I want to point to Belsky's article on why we think we are better decision makers under uncertainty than we really are. He summarizes several common errors:
The sunk cost fallacy - hanging on to a decision, or an investment, in an unconscious desire to justify it.
Loss aversion - reacting more strongly to loss of a resource (time, goods, or money) than to a similar gain.
Overconfidence - overrating our abilities, knowledge, and skill (two thirds of investors rate their financial sophistication as advanced, but barely pass a financial literacy exam.)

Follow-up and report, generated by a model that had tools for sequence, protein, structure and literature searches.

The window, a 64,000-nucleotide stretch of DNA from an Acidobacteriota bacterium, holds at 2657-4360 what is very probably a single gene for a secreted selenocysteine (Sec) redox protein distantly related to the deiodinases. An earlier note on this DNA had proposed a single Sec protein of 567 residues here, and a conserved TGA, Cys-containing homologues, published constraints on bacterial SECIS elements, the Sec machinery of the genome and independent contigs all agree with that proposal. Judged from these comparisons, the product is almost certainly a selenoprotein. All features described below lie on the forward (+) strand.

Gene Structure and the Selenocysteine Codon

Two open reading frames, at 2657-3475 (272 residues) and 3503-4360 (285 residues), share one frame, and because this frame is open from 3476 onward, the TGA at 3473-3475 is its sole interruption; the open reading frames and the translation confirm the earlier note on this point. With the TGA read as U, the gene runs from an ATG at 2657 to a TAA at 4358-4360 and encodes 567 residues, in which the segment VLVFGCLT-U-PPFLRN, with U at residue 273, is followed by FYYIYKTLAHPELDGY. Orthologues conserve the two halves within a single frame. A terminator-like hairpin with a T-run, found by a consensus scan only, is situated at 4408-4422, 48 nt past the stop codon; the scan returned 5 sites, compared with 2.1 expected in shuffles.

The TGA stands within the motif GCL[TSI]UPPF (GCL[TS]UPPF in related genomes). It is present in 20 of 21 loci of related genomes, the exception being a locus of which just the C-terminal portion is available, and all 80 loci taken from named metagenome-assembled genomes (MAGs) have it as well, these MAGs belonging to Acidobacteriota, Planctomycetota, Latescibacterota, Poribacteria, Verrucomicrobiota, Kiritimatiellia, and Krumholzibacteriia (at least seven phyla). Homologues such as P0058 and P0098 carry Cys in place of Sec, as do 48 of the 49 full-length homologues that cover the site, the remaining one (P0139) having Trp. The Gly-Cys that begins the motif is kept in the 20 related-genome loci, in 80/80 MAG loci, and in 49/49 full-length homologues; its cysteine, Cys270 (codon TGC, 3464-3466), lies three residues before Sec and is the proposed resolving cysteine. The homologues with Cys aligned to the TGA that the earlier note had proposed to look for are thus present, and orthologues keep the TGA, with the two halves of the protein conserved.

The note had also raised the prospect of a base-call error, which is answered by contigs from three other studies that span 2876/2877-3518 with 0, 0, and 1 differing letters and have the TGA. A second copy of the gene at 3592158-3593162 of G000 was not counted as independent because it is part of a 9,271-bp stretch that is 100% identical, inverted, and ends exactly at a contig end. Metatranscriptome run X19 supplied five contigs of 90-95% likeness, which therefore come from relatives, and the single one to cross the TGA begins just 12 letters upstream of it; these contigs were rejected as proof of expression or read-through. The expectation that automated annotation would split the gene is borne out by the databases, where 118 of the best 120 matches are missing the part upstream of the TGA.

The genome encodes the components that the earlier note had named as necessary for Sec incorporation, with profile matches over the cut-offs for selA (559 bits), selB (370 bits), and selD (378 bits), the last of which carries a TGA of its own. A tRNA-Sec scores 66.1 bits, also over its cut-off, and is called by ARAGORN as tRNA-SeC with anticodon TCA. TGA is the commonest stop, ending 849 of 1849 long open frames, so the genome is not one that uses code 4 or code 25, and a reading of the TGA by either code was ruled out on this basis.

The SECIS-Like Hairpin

Optimism bias - which seems to be hard-wired into our brains because it has evolutionarily useful, driving humans to strive in the face of long odds.
Hindsight bias - rewriting history to make ourselves look good, as in misremembering our forecasts in a way that makes us look smarter.
Attribution bias - attributing good outcomes to our own skills, but bad outcomes to causes over which we had no control.
Confirmation bias - giving too much weight to information that supports our existing beliefs and discounting that which does not.